For decades, admission to New York City’s eight elite “specialized high schools” has been based strictly on a high-stakes test administered to the city’s eighth-graders. The meritocratic premise is simple: regardless of who you are or how much your parents make, if you hit a certain score on the test, you’re guaranteed a place in one of these high schools, all among the best in the United States. But if Mayor Bill de Blasio gets his way, New York will scrap this venerable system for one that is as close to a race-based quota scheme as constitutionally possible.
Progressives criticize the admissions test as an instrument of “segregation” because black and Latino kids are underrepresented among students accepted at schools like Stuyvesant, Bronx Science, and Brooklyn Tech. Indeed, in 2016, Stuyvesant had only 20 black students among a student body of more than 3,000. Brooklyn Tech, where de Blasio’s son went, is somewhat more racially diverse, with 14.8 percent black and Latino representation. But in a city where blacks and Latinos make up two out of every three public school students, black and Latino enrollment in the most elite secondary schools is undeniably thin—a direct result of student performance on the entrance test.
Yesterday, the mayor, backed by his new schools chancellor, Richard Carranza, announced that he plans to scrap the entrance test for the eight elite schools and replace it with a system offering admission to the kids in the top 7 percent of every junior school in the city. This change, according to the mayor, will make the schools “look like New York City” and answer the “demand for fairness” that supposedly rings across the five boroughs.
Chancellor Carranza chimed in, saying that as “a man of color, and a parent of children of color, I’m proud to work with our Mayor to foster true equity and excellence at our specialized high schools.” Carranza, who has no prior experience in New York City, has not been shy about talking about his ethnic heritage and the special insight it gives him into the city’s educational needs. Last month, he told a parent concerned about a plan to overhaul radically her local junior high school’s admissions procedures that she should sign up to take implicit-bias classes. Carranza regards school screening as elitism, or even disguised racism. “Why are we segregating kids based on test scores?” he asks.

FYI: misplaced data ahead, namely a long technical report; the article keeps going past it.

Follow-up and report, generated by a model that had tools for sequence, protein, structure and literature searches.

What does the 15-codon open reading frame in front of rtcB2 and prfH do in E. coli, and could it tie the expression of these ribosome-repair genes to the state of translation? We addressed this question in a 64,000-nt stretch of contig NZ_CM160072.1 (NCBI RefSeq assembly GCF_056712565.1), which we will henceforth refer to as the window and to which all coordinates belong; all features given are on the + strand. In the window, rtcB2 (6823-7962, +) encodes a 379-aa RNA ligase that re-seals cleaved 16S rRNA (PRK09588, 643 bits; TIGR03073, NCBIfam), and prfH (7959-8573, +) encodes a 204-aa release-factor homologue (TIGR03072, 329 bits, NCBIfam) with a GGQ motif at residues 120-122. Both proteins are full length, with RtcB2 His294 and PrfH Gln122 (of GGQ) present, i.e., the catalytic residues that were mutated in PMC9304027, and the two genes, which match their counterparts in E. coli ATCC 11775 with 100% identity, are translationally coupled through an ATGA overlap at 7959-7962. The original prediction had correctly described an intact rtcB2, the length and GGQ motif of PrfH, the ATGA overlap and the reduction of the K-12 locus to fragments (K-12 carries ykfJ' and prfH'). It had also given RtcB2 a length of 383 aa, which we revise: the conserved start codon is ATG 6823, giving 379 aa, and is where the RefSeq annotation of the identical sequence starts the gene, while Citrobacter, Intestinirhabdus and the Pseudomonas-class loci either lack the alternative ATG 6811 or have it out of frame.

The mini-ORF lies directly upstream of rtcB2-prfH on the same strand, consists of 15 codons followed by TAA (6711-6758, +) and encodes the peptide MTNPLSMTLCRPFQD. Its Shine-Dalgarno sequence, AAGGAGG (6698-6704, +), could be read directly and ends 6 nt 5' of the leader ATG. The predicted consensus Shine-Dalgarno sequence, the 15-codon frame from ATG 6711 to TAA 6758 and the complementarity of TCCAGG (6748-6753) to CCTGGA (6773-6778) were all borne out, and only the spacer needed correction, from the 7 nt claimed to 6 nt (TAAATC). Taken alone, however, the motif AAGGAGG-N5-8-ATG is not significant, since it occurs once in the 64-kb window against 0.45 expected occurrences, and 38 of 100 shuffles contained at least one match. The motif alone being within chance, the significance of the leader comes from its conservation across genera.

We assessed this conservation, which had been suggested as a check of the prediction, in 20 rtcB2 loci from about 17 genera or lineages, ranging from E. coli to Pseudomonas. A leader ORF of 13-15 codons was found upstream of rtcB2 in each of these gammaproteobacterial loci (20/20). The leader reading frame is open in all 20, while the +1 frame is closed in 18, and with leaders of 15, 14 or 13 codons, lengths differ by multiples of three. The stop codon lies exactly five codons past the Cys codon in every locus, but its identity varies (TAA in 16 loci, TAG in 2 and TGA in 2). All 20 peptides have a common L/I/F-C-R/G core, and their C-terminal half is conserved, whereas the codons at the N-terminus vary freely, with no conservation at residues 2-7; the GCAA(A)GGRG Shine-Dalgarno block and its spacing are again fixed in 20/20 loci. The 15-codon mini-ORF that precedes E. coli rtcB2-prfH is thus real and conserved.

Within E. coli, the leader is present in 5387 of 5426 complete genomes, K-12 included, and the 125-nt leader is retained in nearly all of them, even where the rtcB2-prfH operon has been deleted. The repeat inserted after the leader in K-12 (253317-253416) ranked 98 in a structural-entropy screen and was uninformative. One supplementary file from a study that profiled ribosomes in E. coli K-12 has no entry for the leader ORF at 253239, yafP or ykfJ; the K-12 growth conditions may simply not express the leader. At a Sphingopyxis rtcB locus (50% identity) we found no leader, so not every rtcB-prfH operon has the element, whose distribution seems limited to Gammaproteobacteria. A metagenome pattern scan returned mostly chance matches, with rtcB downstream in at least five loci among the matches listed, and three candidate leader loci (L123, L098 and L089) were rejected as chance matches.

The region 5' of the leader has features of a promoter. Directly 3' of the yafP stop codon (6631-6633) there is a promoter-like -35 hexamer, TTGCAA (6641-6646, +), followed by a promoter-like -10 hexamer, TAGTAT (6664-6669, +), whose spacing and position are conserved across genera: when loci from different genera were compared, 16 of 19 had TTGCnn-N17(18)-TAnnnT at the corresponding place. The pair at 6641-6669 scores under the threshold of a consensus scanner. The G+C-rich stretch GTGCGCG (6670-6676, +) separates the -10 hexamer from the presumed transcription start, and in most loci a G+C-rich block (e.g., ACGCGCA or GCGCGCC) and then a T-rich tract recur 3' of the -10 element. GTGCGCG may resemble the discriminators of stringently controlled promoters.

Talking about racial disparities across the city’s schools as “segregation”—as teachers’ union president Michael Mulgrew did last week—is an abuse of language. School segregation in the United States refers distinctly to Jim Crow-era practices of legal, enforced separation of blacks from whites. The loaded word “segregation” stirs anger and resentment and in the present context implies that disparities in admissions are a function of white racism. David E. Kirkland, who runs NYU’s Metropolitan Center for Research on Equity and The Transformation of Schools, made this claim in a press release circulated by the mayor’s office: “We’ve known for some time that the exclusion of Black and Brown students from the City’s specialized high schools and the kinds of opportunity hoarding enjoyed by more privilege (sic) racial and ethnic communities were in fact de jure consequences of lingering legacies of racism and white supremacy.”
In fact, the primary beneficiaries of the current system—as Kirkland surely knows— are nonwhite. Asian students, many of whom are immigrants themselves or the children of immigrants from China, Bangladesh, India, and Pakistan, are dramatically overrepresented in the specialized high schools. Though Asians constitute less than 16 percent of the citywide school population, they make up more than half of the students in the elite schools and a staggering 75 percent of the kids at Stuyvesant High School.
The new system that de Blasio wants to impose, which will require legislative approval, is engineered to increase black and Latino enrollment. It is a quota system in all but name. Granting elite school admission to the top 7 percent of every junior high school will have two immediate effects. It will place bright but underprepared black and Latino students from poor middle schools into demanding educational environments where they will find themselves lost, in a classic example of institutional mismatch. And it will deny thousands of talented Asian students a place that they have earned in elite schools.
And there is a third effect. The quality of the elite schools—the jewel of the city’s school system—will be diminished, if not destroyed. But de Blasio will be out of office by then. Some future mayor will have to deal with the fallout from the decision to sacrifice merit to racial diversity and equality of opportunity to equality of outcome.
Photo: Benjamin Kanter/Mayoral Photo Office